These guidelines, though accepted by many, remain in some contexts controversial, and are applied to differing degrees among English speakers worldwide. often reflecting different cultures and language structure, for example American English in contrast to British English. They are also impacted upon, depending on whether a person uses English as their first language or as a second language, regional variants or whether their form of English is based on grammatical structures inherited from a no longer widely used other language (for example, Hiberno-English) or owes its linguistic structure to earlier Old English or Elizabethan English. In these cases, language structure from their native tongue or linguistic inheritance may enter into their terminology.
The situation of 'non-sexist' usage is very different in languages that have masculine and feminine grammatical gender, such as French, German, and Spanish, simply because it is impossible to construct a gender-neutral sentence the way it can be done in English. For example, in French, the masculine gender supersedes the feminine; la femme et l'homme (the woman and the man) has the pronoun ils (they-masculine).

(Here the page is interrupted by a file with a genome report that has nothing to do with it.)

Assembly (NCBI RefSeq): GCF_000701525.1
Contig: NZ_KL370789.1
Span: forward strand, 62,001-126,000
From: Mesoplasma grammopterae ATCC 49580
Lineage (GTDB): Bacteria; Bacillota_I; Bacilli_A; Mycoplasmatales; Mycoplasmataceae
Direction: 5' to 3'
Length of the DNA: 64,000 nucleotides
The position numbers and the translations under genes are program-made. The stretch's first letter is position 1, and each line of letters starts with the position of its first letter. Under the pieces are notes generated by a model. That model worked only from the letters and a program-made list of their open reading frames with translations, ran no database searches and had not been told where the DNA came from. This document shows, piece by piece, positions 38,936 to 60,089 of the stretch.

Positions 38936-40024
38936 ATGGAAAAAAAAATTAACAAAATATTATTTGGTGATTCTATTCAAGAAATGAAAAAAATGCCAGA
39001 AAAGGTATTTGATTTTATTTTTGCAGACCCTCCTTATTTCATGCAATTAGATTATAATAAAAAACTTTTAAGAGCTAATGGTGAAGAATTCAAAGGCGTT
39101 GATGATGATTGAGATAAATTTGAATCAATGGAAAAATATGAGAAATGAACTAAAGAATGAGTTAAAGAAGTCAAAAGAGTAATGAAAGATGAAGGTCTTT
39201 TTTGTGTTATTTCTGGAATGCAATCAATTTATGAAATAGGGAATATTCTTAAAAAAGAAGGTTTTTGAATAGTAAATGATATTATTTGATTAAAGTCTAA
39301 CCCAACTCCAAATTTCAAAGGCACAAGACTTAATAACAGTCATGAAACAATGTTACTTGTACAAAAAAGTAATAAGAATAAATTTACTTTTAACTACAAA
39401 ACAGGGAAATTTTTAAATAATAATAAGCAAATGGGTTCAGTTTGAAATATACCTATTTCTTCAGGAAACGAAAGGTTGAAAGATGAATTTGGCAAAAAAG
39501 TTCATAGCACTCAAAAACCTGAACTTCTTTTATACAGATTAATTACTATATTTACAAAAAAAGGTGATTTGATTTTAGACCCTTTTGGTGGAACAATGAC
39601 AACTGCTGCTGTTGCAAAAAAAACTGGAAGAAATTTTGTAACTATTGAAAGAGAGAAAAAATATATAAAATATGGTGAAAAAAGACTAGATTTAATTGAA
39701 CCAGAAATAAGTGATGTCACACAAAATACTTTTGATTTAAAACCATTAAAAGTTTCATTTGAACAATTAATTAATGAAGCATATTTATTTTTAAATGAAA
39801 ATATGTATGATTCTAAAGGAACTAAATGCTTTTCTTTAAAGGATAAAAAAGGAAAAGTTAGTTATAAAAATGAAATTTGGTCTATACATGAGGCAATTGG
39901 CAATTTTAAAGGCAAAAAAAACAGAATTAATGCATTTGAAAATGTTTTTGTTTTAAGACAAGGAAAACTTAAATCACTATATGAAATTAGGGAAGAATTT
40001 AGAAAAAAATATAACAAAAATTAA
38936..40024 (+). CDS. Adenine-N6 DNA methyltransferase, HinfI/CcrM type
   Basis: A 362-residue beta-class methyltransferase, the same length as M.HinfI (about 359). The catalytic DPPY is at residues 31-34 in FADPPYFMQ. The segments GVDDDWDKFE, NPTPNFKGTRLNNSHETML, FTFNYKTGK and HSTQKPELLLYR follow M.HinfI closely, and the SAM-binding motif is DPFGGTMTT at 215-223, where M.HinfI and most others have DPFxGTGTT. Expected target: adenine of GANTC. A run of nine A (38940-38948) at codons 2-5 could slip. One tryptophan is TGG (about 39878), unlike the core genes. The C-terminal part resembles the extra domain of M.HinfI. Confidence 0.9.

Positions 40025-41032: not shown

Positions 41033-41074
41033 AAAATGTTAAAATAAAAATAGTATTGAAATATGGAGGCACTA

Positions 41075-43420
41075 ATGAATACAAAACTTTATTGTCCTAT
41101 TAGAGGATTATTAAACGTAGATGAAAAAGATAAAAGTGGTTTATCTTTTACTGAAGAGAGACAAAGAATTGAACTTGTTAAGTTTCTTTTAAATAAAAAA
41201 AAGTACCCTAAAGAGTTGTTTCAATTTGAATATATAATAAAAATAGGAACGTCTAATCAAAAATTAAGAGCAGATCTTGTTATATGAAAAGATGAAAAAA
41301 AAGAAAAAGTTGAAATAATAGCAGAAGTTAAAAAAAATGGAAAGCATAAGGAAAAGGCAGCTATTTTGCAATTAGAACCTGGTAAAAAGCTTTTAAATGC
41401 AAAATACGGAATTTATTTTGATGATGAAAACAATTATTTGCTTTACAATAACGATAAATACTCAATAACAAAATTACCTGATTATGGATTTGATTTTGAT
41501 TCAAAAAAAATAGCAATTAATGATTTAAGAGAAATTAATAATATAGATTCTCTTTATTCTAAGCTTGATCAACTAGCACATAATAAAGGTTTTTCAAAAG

Accordingly, most of the focus has been on more concrete problems such as job titles. Due to the presence of grammatical gender, the strategy is the exact opposite of that of English: creating feminine job titles rather than eliminating them. This is based on the idea that it is insulting to call a woman (for example) le médecin (the (masculine) doctor), as if she changed sex or became somehow more mannish when she went to work.
Finnish has only gender-neutral pronouns (it totally lacks grammatical gender) and hän is used always when talking about he or she. It distinguishes however between persons and things.
French version of this article (http://fr.wikipedia.org/wiki/Langage_sexiste)